I have written previously on the state of suburban expansion in Calgary, a topic I am very familiar with. Despite having lived in Ottawa for six years, however, I cannot say the same for this city. While a lack of interest on my part played a part, this is also due to Ottawa’s built form. Unlike other Canadian cities, Ottawa’s new suburbs are separated from the central city by a large greenbelt. To be specific, there are three primary built-up areas outside of the greenbelt: Kanata to the West, Orleans to the East and Barrhaven to the South. All of these areas are separated from one another, and collectively they receive much of the cities new growth.
Formally adopted in 2003, Ottawa’s “20/20” plan aims to accommodate the growth of the city in a more sustainable manner. A major recommendation of the plan is increased intensification of the areas within the greenbelt, but it conceded that much of Ottawa’s new growth will be at the urban fringe. For these urban fringe areas design features such as higher densities, pedestrian oriented designs, accessible public transit and modified grid street layouts are recommended. In short, new developments are intended to adhere at least loosely to the tenets of new urbanism. In order to see if such depatures from traditional suburban development have in fact taken place, I recently decided to cycle the 15 km to Barrhaven from my apartment.
As development has been occurring in Barhaven since the 1960s, it is by no means a new suburb. However, growth appears to have picked up significantly in recent years and strongly shapes the character of the area. This is immediately evident as several new subdivisions and the beginnings of what is intended to be a mixed-use town centre have been constructed in the years since the release of the 20/20 plan. While not directly branded as new urbanism, a glance at a street map alone reveals that such developments are very much influenced by the movement. These areas in particular would be my target for assessing the state of contemporary suburbia in Ottawa.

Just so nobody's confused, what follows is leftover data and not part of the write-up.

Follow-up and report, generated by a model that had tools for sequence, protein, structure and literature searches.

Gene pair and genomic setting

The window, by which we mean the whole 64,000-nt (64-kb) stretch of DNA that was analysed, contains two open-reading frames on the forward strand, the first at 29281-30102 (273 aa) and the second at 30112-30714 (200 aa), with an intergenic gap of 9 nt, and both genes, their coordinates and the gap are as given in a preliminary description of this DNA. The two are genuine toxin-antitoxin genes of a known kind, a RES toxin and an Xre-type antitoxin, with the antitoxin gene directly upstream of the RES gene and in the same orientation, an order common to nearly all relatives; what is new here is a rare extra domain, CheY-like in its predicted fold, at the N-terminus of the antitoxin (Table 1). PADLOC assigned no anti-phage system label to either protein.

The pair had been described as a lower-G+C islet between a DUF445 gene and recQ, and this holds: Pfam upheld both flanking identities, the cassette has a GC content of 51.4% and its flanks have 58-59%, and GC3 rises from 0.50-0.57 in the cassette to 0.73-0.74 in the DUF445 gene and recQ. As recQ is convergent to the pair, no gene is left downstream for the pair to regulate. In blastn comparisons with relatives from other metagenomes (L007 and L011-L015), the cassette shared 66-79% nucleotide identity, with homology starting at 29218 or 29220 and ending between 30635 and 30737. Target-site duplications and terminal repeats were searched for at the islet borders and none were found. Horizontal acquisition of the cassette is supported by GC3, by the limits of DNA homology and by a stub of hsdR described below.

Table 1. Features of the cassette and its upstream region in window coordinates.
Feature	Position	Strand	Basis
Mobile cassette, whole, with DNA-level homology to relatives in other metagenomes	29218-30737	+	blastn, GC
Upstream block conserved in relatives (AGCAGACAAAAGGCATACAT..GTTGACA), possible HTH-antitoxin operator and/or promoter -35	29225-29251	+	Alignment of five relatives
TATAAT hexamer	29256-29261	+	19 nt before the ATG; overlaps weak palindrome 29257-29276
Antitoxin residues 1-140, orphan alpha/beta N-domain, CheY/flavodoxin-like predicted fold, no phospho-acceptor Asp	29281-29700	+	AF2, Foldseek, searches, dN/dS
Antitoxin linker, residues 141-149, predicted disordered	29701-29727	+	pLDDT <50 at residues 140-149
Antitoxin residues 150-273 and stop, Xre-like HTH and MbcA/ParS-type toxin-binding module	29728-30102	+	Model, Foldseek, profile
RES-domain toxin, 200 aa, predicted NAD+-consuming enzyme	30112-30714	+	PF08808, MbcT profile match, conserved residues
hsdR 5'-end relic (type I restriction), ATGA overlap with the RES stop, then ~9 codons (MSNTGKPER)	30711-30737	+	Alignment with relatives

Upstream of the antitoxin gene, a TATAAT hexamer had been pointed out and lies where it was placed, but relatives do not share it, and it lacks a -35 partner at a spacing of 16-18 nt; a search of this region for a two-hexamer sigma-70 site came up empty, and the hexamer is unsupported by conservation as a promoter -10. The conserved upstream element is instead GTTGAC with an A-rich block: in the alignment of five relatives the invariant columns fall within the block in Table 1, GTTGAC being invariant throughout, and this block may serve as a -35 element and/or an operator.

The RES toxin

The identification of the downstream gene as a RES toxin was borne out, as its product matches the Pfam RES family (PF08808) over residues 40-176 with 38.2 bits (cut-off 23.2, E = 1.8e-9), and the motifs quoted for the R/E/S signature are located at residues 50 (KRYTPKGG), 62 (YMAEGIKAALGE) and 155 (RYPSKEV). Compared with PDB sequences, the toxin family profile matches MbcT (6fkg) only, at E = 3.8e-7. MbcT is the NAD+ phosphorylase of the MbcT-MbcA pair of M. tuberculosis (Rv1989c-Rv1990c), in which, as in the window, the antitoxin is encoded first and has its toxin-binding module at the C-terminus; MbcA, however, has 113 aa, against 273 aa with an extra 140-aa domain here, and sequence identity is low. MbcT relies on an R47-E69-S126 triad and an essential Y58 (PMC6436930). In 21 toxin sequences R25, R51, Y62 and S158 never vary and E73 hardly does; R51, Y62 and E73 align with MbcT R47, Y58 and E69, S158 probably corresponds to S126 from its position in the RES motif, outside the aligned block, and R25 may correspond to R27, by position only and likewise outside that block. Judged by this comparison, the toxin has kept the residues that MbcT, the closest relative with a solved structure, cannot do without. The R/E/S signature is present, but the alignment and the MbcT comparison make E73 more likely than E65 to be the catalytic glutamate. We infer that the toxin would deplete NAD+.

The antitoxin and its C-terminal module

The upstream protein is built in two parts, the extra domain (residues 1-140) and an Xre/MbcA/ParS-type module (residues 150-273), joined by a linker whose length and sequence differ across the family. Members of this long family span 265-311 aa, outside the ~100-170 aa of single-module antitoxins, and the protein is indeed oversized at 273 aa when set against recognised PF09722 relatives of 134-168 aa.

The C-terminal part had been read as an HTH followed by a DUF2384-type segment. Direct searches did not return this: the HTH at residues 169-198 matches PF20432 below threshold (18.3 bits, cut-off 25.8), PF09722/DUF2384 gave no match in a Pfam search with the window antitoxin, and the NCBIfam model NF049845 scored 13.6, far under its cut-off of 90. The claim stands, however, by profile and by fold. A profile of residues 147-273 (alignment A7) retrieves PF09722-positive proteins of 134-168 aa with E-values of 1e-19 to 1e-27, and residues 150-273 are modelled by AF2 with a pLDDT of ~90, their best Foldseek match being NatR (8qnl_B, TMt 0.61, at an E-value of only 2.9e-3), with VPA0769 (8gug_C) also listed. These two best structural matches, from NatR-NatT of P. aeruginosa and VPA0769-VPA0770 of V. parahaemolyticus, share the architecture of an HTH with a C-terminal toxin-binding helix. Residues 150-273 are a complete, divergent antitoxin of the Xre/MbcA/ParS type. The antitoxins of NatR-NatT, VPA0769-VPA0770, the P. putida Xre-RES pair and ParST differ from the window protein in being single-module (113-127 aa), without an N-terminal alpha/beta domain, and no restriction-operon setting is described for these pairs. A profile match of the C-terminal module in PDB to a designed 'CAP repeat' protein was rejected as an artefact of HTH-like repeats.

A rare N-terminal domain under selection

On the whole, my feelings are mixed as to the success of Barrhaven as a sustainable suburban development. The most positive aspect of the area is, surprisingly, new residential construction. Throughout new developments such features as small front setbacks, short blocks and narrow rights of way are employed. While front garages are present for most houses, they are often small and do not protrude far past the front entranceways, avoiding the “snub-nose” style of housing so popular in other cities. Traffic circles provide focal points for one of the neighbourhoods, surrounded by higher density housing. Indeed, the density of these new developments on the whole was encouraging, with a significant portion of new units part of attached rows. Condominium developments are also becoming more common, with developments such as three story faux brownstones currently under construction. While such buildings will win no architectural awards (this rings true for the entire area I’m afraid), they are adding much needed density to one of Ottawa’s few districts lacking highrise apartment complexes.
Contrasting to these positive trends, the commercial areas of Barrhaven are as of yet a complete disaster. On a small scale, there are few neighbourhood scaled retail establishments, and those that do exist are at the periphery of developments rather than at there focal points. The aforementioned high density developments would provide an excellent location for small retail bays, allowing what are supposed to be focal points truly fulfill this requirement. This however, pales on comparison to the mess that is know as the “RioCan Marketplace”. This retail area is the first phase of what will eventually be known as the Barrhaven Town Centre. Envisioned as a mixed-use development comprised of retail, office and residential uses the current state of the area bears a greater resemblance to an average big-box power centre. Granted, this is the first phase of the development, and plans call for infill to replace parking lots and existing buildings. However, it is hard for me to get my hopes up about a development that as yet is so poorly executed.
Despite my frustration at the RioCan marketplace, it is clear that the situation of suburbia in Ottawa is improving. While not to the degree that I would like to see, the new subdivisions of Barrhaven reflect many of the design principles outlined in the 20/20 plan. As much as I do not like to admit it, if trends continue the way they are, Barrhaven may in fact become a starting point for a more sustainable growth model.
Tags: Exploring the City, Ottawa, Urban Design